top of page

AI Case Study

The US Department of Natural Resources used deep learning vision analysis of satellite imagery to predict the size of soya and corn crops well before harvesting

Satellite imagery analysis has traditionally not being able to differentiate crops such as corn and soya. This has meant that it has taken up to six months after harvest to determine the yield of crops. Deep neural network machine vision trained on satellite imagery was able to detect the crop type based on looking at short-wave infrared data that reflected leaf water signatures. This meant that crops could for the first time be predicted before harvest.


Basic Materials


Project Overview

"...corn and soybean have predictably different leaf water status by July most years. The team used short-wave infrared (SWIR) data and other spectral data from three Landsat satellites over a 15-year period, and consistently picked up this leaf water status signal.

The advancement, published in Remote Sensing of Environment, is a breakthrough because, previously, national corn and soybean acreages were only made available to the public four to six months after harvest by the USDA. The lag meant policy decisions were based on stale data. But the new technique can distinguish the two major crops with 95 percent accuracy by the end of July for each field – just two or three months after planting and well before harvest.

Reported Results

"In comparison with USDA's Crop Data Layer (CDL), this study found a relatively high overall accuracy (i.e. the number of the corrected classified fields divided by the number of the total fields) of 96% for classifying corn and soybean across all CLU fields in the Champaign County from 2000 to 2015. Furthermore, our approach achieved 95% Overall Accuracy by late July of the concurrent year for classifying corn and soybean."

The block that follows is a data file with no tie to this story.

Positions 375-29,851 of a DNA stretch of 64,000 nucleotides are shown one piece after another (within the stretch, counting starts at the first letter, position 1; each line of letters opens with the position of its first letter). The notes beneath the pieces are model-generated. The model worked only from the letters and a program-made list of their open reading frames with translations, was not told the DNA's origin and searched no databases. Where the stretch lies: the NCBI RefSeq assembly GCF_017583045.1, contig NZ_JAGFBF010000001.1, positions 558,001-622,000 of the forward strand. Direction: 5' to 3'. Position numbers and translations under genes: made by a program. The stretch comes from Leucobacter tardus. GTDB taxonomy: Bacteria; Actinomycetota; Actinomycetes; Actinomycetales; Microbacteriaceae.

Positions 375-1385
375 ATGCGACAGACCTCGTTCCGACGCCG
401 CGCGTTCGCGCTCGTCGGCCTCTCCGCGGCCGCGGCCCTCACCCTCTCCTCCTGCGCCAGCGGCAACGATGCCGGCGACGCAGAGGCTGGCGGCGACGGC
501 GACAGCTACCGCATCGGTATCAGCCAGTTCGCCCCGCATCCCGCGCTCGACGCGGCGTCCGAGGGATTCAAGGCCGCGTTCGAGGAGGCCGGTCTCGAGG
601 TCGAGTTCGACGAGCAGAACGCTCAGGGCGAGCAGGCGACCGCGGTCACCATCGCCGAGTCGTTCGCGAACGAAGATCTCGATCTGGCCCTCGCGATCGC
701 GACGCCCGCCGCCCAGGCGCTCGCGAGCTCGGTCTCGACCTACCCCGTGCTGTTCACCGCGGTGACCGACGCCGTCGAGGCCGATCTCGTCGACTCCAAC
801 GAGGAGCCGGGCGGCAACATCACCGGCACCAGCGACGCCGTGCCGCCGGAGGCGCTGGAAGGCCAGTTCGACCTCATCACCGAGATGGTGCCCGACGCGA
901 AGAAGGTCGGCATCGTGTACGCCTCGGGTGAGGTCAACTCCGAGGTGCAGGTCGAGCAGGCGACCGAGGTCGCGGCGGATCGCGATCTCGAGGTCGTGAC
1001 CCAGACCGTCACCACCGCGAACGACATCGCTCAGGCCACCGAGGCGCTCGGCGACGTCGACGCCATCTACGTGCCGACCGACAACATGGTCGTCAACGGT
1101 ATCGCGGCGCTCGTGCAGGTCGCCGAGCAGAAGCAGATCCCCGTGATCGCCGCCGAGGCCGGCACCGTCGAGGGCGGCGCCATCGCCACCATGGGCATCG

Deep neural networks



Budgeting And Forecasting


"Accurate and timely spatial classification of crop types based on remote sensing data is important for both scientific and practical purposes. However, there is no publically available spatially explicit in-season crop-type classification information for the U.S. Corn Belt (a landscape predominated by corn and soybean). Instead, researchers and decision-makers have to wait until four to six months after harvest to have such information from the previous year."



"The team focused their analysis within Champaign County, Illinois, as a proof-of-concept. Even though it was a relatively small area, analyzing 15 years of satellite data at a 30-meter resolution still required a supercomputer to process tens of terabytes of data."

bottom of page